Peak performing companies are strategic. Business is like a good game of chess. All you need is a little strategy and winning is in your control.
So many companies just open up the door and literally hope they get business based on shallow and simple reasoning. I believe peak performing companies aren’t necessarily smarter than everyone else, they simply execute better strategy than everyone else.
So the million-dollar question is, how strategic is your company?
If you’re not, all you need to do is to answer a few simple questions and I bet you can be transformed into a strategic thinking company.
1. Find your niche
Question number one: What is your niche? Every smart company has a niche. If you don’t have a niche, put this article down and finish reading later and go and find one. If you can’t find one, even better, create your own. Once you have a niche, your next step is to own that niche. If you own a niche, there is no better strategy than that.
In 1965 Frederick Smith wrote a term paper at Yale University basically criticizing the mail system and its reliance on using pedestrian routes to deliver mail and how inefficient it was. The teacher wasn’t impressed, and gave him a C.
In 1971, Smith stayed focused and passionate about his beliefs and launched Federal Express. The rest is history, Federal Express changed business and shipping forever by creating and owning a niche in an industry that already existed. He found out how to do it better.
“When it absolutely, positively has to be there overnight.” We have all run to Federal Express right before closing and marveled that they could still deliver on their promise and bail us out. If you are anything like me, you loved them even more because they could save Christmas.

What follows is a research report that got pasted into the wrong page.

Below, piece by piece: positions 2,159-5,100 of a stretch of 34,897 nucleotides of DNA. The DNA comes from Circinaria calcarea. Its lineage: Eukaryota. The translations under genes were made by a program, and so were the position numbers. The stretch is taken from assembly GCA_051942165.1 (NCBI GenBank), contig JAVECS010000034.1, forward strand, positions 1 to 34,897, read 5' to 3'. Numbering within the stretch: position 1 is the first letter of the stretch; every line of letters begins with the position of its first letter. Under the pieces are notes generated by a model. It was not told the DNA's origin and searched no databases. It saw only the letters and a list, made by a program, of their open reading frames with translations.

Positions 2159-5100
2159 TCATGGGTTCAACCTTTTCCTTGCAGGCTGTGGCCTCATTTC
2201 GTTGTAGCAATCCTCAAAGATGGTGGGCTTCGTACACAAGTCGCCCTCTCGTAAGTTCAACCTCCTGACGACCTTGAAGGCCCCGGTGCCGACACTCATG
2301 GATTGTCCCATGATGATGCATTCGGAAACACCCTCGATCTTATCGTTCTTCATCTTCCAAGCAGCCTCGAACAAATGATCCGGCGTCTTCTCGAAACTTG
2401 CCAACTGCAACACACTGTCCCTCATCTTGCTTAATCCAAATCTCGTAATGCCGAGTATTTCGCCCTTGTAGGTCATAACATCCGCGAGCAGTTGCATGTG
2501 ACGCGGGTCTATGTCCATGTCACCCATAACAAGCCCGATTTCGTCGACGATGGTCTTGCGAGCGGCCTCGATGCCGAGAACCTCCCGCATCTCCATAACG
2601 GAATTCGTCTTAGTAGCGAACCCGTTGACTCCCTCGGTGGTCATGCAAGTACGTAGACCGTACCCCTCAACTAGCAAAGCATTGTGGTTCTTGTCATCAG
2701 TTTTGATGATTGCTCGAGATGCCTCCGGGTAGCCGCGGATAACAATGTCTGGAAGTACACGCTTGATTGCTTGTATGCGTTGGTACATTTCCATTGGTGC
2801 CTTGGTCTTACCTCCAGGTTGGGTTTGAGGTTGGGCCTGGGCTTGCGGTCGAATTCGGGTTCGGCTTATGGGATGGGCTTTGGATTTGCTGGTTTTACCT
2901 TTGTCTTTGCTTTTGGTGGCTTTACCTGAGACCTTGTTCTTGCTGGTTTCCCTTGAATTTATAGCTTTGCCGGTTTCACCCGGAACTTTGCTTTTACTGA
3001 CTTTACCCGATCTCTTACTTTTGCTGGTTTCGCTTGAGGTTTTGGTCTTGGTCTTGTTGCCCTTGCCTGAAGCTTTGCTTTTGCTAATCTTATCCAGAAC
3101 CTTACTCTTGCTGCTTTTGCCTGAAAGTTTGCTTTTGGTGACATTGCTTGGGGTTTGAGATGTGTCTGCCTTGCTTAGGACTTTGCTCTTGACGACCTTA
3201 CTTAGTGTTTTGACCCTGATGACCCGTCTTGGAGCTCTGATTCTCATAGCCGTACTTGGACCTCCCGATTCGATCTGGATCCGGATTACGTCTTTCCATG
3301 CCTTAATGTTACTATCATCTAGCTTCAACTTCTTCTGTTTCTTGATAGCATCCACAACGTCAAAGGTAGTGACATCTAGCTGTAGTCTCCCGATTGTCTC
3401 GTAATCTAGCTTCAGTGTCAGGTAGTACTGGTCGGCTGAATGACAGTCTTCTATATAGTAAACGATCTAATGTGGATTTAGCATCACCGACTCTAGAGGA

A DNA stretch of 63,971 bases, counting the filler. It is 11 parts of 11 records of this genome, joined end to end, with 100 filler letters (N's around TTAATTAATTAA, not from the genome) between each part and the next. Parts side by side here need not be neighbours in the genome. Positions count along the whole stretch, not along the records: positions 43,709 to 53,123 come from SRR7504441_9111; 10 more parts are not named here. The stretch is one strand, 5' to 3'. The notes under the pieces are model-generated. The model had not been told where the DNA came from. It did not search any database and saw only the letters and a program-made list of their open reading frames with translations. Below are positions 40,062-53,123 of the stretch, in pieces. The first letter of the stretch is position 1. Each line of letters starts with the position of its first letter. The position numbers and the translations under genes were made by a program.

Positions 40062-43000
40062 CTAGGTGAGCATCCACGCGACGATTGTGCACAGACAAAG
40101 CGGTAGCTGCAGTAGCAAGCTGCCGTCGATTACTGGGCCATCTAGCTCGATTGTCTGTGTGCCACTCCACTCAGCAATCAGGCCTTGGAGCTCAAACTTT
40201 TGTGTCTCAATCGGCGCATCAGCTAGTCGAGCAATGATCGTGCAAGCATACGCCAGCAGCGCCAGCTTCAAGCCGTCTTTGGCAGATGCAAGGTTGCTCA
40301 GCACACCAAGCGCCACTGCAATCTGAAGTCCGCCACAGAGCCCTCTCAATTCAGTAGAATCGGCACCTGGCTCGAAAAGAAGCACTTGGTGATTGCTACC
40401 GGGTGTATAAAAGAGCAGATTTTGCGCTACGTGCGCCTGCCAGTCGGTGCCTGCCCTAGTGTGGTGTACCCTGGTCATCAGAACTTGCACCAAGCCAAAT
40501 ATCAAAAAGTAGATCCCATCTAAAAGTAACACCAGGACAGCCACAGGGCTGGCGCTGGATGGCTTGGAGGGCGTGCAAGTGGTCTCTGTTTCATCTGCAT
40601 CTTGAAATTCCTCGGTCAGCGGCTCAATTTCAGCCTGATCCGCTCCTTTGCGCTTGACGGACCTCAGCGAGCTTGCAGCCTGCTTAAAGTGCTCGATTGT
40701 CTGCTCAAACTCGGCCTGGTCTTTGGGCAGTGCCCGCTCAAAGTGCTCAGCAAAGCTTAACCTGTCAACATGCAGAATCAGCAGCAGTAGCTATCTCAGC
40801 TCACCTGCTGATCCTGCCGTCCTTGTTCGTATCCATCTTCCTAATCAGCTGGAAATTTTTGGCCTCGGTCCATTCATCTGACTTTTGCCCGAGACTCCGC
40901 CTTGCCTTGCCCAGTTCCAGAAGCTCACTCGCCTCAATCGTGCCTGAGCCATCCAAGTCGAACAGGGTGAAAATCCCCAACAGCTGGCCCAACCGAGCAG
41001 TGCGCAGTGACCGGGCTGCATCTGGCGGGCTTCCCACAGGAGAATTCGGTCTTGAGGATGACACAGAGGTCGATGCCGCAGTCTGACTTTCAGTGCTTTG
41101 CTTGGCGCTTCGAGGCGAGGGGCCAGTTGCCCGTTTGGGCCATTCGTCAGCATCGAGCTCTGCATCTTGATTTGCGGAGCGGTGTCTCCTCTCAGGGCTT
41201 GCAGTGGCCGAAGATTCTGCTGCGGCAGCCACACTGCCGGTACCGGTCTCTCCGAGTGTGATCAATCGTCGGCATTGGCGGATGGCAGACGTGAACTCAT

How many times have they bailed you from our poor planning and last minute panic from procrastination? What a brilliant niche! That niche didn’t exist so Smith created it and instantly owned it. The irony is that now we have several carriers that provide overnight shipping like our own FEDERAL government.
Can’t think of a better example than Frederick Smith and Federal Express. Smith had a vision of a niche and walked it out until it became a reality. Some dreamy-eyed college kid got annoyed and figured it has to be a better way and created it. I am sure it had some challenges but he figured it out. Lesson learned is that smart companies are strategic in building a niche.
2. Where are you headed?
Now that you are focused on owning a niche, here is my next strategic question for you. Where is your industry headed? In the next five to 10 years, what do you expect your industry to look like? Will there be more consolidation, will it be totally online, how much will technology and the millennial movement change how your industry operates?
If you are not sure, ask around, read books and magazines, attend your association’s events so you can develop a strategy to not get left behind at the very least.
But here is an even better strategy. Once you have a handle on where your industry is headed, don’t meet it there, beat it there. If you get there first, it can help you gain more market share and reposition your company as a larger player in your industry.
3. Here’s your homework
If you really want to have some fun, strategy is where it is, my friend. I have some homework for you, and unlike Smith’s professor, I am not foolish enough to doubt you.
Go and write a term paper for yourself called a business plan and execute it based on the confidence you have in what you see. This paper needs to be based on niches and a fast-charging business environment that is constantly changing.
So here is the assignment; I want it double spaced, and you can use any font. What do you want your company to look like 10 years from now and what niche will you own?
You see, strategic thinkers aren’t smarter than you, they just ask themselves the right questions, come up with the right answers and execute. And strategic thinkers don’t live day to day or check to check, strategic thinkers live decade to decade. Your entire world can and will be different if you keep asking yourself the right questions. Checkmate…I mean, check your strategy, mate.